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SCHULTZ: Wow! It looks like we`re making the wrong stuff or dishing it out wrong!
The farm bill, for a little history, was started in 1933 on the heels of the depression. To make sure that every American was always going to have a steady supply of affordable food on the table. It`s called a cheap food policy. And let me remind you what happens when governments don`t pay attention to their feeding of the people, food shortages in Europe during the 1930s, led to an extremist coming to power interesting rise of the madman. You know the rest of the story.
You see, America made a decision then that we needed a cheap food policy. But as it has evolved today, corporations have corrupted the system to the point where big agribusiness has put dangerous, unhealthy food on the counters in grocery stores across America and it ends up on our tables.The small farmer bottom line is getting kicked off the land and reach farmers are reaping the huge profits. So, this concept of a cheap food policy, I`m all for. It`s very important.
But let`s not distort the priorities. I`m for safety nets. I`m for disaster relief.
I believe that price supports have got to be there for the American producer. But it is evolved to nothing but a corporate handout. The big get bigger or the family farmer can`t make it.
That`s wrong. We have wrong policies put in this farm bill and it has also been set up ideologically where the Republicans going out and say, we made cuts. We`ve cut all the fat.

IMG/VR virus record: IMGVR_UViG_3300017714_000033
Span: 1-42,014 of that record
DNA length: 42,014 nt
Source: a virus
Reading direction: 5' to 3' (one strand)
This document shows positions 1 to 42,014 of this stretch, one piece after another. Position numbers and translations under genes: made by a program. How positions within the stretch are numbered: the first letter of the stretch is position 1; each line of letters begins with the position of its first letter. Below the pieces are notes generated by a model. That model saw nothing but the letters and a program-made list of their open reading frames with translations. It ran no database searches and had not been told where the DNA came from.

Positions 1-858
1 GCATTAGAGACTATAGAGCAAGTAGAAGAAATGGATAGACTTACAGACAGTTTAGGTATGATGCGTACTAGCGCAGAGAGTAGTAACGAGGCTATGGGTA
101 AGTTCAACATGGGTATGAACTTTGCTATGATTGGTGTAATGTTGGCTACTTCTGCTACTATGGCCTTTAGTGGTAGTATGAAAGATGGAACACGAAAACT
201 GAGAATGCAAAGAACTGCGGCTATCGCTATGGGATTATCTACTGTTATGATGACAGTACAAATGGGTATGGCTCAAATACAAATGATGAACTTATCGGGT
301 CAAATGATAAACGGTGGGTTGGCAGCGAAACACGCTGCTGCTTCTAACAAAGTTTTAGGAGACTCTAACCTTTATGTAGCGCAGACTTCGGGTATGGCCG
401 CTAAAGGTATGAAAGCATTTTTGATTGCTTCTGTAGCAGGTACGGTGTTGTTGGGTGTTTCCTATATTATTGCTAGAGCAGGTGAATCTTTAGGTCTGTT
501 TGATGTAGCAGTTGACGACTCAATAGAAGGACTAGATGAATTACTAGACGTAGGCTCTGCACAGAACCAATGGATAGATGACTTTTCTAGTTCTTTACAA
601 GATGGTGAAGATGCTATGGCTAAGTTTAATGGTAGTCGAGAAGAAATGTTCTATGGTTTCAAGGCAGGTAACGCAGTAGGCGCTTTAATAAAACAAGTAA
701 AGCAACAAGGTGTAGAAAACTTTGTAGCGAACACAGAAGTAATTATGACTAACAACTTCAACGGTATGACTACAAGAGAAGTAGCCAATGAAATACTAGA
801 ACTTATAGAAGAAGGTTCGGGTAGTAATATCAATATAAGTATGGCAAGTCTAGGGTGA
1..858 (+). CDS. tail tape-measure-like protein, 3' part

Yes, you have. You`ve cut some fat and you didn`t do it by going after the corporations. You didn`t do it by going after big agribusiness. You gave them more money while you took away the food stamp program, to the tune of $20 billion in the House?
Why did the Senate Democrats even consider giving up $4 billion in food stamp cuts? What about the nutritional value of the farm program in this country, the farm bill, which has kids come to school in at least once a day get something good to eat? Do we care about the inner cities in America anymore?
I`ll tell you what, distorted priorities, you can find them everywhere in America. But I don`t want to hear any Tea Partiers just screaming about government spending. When we are about to put on the table, $955 billion over the next 10 years that will go right to the corporations and right to the wealthy, while we stick it to the poor. And oh, by the way, as I said, it is bigger than the stimulus package which of course the Tea Party hated. It is bigger than Obamacare which all Republicans hate.